Ted Cruz's leaked donor docs show how money in politics really works

  • A reporter found documents that appear to show details of Sen. Ted Cruz's donor meetings.

  • They show how rich donors can get serious face time with influential lawmakers.

  • It's not just Cruz — lots of politicians in both parties do this.

On Tuesday, the reporter Pablo Manríquez discovered a collection of documents that appeared to belong to Sen. Ted Cruz's campaign.

The documents, discovered in a food kiosk on the first floor of the US Capitol, appeared to include information about a series of meetings between the Texas Republican and campaign donors.

The details of those meetings — including the requests Cruz is expected to make of donors, the amount of time each donor gets with the senator, and a curious reference to "outside efforts" — offer a rare window into how money in politics really works in America.

That's true not just for Cruz — a 2016 presidential candidate who faces a competitive reelection fight against Democratic Rep. Colin Allred this fall — but for many American politicians in both parties who rely on big donors.

Spokespeople for Cruz did not respond to a request for comment for this story.

The details of the documents

The documents included information about several midweek meetings, the first of which was a dinner with eight lobbyists and PAC officials at The Capital Grille in Washington, DC.

Each individual at the dinner had pledged between $1,000 and $2,500 to Cruz's campaign, according to the documents. The Texas senator's briefing materials included professional biographies of each person, along with a bold-face description of which special interest they represented.

On Wednesday, Cruz appeared to have six meetings with major donors in New York City — like many Americans, senators got the day off for Juneteenth.

For each of those New York meetings, Cruz was supplied with detailed biographies of his interlocutors, a list of their recent political contributions, and directions on how much money to ask for.

One GOP operative who's managed several outside groups in Senate races, granted anonymity to speak candidly, said there was "nothing out of the ordinary" with the documents.

"It's obviously embarrassing to have it out there because your donors trust you to be responsible with their information," the operative said.

Donors get a lot of access in exchange for money

We all probably know it, but it's striking to see on paper: Money can buy you access.

For the price of as low as $1,000, you and seven other people can have dinner with Cruz on a weekday night just a stone's throw from the Capitol.

Cruz is the top Republican on the Senate Commerce Committee, which, among other things, deals with transportation and telecommunications issues. Sure enough, several of the attendees were from groups that have financial interests in those fields, including the telecommunications firm Ericsson and the National Association of Wholesaler-Distributors.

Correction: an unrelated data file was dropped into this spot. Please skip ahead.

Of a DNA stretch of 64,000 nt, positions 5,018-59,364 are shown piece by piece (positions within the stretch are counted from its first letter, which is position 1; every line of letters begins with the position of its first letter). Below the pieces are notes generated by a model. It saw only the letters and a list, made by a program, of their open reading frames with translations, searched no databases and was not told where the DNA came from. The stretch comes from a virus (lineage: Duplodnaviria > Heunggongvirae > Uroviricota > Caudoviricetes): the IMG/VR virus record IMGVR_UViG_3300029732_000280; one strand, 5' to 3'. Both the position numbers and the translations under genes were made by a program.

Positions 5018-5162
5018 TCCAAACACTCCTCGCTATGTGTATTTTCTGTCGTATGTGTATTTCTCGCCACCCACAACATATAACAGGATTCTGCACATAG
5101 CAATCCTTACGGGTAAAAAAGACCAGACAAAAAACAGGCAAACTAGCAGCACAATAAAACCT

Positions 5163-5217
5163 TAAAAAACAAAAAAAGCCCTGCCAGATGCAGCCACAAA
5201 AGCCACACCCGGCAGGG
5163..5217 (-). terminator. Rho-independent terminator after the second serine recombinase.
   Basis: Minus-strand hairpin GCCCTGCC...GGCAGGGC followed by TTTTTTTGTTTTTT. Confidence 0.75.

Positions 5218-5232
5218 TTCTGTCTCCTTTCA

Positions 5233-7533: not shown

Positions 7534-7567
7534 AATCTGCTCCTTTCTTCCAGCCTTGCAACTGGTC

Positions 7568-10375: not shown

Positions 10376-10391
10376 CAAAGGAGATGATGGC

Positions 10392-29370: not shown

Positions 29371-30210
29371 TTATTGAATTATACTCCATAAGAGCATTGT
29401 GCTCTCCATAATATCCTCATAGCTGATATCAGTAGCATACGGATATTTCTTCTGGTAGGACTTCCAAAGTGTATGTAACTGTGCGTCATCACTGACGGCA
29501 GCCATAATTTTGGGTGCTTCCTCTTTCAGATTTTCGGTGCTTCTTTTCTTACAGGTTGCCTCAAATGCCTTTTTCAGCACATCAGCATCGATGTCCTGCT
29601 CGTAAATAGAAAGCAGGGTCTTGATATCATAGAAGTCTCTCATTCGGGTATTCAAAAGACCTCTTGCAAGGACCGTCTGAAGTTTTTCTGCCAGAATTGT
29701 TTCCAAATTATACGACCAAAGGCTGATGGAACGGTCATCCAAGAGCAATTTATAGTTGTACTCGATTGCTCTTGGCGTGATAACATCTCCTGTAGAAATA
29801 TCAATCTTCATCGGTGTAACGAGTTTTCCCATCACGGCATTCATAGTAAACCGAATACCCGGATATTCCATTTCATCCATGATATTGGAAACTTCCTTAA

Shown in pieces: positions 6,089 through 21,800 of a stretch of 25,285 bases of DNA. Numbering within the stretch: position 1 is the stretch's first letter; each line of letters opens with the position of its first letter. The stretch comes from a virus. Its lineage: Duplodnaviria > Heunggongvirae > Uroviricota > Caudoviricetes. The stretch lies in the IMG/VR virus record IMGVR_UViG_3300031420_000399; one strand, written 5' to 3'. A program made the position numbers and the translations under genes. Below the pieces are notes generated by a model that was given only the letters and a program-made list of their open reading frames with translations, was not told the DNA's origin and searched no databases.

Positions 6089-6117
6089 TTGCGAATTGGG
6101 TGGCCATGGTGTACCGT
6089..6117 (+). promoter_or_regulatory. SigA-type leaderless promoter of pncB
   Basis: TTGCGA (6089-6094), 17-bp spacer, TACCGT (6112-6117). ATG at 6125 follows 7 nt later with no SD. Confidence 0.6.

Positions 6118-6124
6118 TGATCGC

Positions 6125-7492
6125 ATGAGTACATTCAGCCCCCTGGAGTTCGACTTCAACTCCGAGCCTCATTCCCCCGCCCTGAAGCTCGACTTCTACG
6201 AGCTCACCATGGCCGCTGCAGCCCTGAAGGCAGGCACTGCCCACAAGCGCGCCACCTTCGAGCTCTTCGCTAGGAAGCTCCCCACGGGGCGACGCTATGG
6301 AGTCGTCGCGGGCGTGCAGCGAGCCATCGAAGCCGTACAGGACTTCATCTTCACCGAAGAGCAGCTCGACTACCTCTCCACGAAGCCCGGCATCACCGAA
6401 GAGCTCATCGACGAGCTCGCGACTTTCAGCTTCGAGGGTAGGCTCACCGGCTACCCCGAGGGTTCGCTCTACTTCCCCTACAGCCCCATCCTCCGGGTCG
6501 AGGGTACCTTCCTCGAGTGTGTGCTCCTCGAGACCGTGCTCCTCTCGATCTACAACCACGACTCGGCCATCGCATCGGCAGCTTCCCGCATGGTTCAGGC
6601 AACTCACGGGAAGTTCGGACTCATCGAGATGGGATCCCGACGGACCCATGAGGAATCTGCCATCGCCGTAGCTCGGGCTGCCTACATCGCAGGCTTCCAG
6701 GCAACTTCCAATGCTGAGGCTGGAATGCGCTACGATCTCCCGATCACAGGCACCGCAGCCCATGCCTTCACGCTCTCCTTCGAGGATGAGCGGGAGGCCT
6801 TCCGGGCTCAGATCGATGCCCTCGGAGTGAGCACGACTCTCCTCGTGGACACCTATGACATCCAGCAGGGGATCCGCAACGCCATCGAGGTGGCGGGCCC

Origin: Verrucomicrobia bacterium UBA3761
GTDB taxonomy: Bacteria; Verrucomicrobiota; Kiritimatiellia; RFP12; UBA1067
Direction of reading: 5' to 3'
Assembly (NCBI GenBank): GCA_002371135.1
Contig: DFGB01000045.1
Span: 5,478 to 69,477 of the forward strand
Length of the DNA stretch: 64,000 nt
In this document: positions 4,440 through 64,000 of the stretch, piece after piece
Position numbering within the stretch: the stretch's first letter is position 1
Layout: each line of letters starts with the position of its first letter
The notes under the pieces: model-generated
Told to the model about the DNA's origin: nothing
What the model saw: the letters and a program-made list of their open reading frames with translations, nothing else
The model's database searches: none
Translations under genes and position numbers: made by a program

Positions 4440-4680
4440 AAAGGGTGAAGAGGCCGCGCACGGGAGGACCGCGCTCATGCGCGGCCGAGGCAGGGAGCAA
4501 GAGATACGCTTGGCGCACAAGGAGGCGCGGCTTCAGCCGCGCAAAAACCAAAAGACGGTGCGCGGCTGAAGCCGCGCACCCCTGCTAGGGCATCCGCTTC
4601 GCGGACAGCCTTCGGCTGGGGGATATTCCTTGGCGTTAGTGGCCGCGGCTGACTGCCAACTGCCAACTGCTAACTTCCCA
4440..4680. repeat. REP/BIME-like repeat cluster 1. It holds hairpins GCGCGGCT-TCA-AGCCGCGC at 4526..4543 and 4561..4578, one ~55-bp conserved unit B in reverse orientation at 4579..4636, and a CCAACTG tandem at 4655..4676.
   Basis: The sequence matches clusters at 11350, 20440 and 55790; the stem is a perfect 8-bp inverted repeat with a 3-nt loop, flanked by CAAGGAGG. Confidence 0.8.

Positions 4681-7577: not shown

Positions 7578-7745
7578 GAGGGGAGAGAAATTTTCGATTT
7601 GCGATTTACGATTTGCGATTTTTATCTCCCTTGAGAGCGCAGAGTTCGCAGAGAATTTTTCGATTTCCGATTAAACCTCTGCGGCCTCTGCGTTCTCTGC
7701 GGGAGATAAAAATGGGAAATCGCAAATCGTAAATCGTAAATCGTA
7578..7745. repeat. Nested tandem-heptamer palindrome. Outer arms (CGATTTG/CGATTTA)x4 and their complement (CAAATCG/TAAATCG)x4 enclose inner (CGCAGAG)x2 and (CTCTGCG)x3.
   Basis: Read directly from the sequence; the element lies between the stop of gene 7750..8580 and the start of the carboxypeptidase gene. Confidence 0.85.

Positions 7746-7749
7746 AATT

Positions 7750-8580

There's no guarantee that the Texas senator would do your bidding just because you gave him a couple of thousand dollars, but he may be more sympathetic to your viewpoint if you're given the time to offer it over drinks and steak.

Meanwhile, Cruz's Wednesday in New York was stacked — 9 a.m. to 9 p.m. — with more intimate, one-on-one meetings with megadonors, offering a look at just how much time fundraising can take.

Those meetings, held in wealthy donors' homes or other glamorous Manhattan restaurants, each lasted from 45 minutes to two hours.

On paper, donations are capped at $6,600. In reality, you can go way higher than that.

Under federal-campaign-finance law, there are fairly tight limits on how much money individuals are allowed to contribute to political campaigns.

The idea is to limit the degree of influence that one person can have over a candidate: The more a politician owes a single person for campaign contributions, the more indebted they are.

This year, it's $6,600 — $3,300 for the primary and $3,300 for the general election.

But in practice, that number can go way higher, as the documents show. For some meetings, Cruz is directed to ask a single donor whether they would contribute $119,200 to his race.

As Saurav Ghosh, the director of federal-campaign-finance reform at the Campaign Legal Center, wrote on X, that's because it's really a donation to several different groups working to reelect Cruz, including his own campaign, his "leadership PAC," the Texas GOP, and the National Republican Senatorial Committee.

Also, if your spouse donates too, you can double that sum.

Candidates can't legally coordinate with super PACS — but they can get kind of close

Perhaps the most eyebrow-raising portion of the documents is a line included in briefing materials for several of the New York megadonor meetings: "Ask [donor] to talk to your team about outside efforts."

In this case, the phrase "outside efforts" likely refers to super PACs, which can accept unlimited donations but are legally barred from coordinating with or donating directly to politicians' campaigns.

Cruz is already in some hot water over a financial arrangement between his podcast and his super PAC. But the GOP operative who's worked on outside groups before says the arrangement is likely within the bounds of the law.

"Candidates are prohibited from soliciting contributions. Candidates are not prohibited from teeing up conversations," the operative said. "The critical thing is: No explicit ask and no explicit dollar amounts being discussed."

Ghosh, the campaign-finance expert, made a similar point.

"Ask [donor] to talk to your team about outside efforts isn't a 'solicitation' under federal campaign finance law," Ghosh wrote on X.

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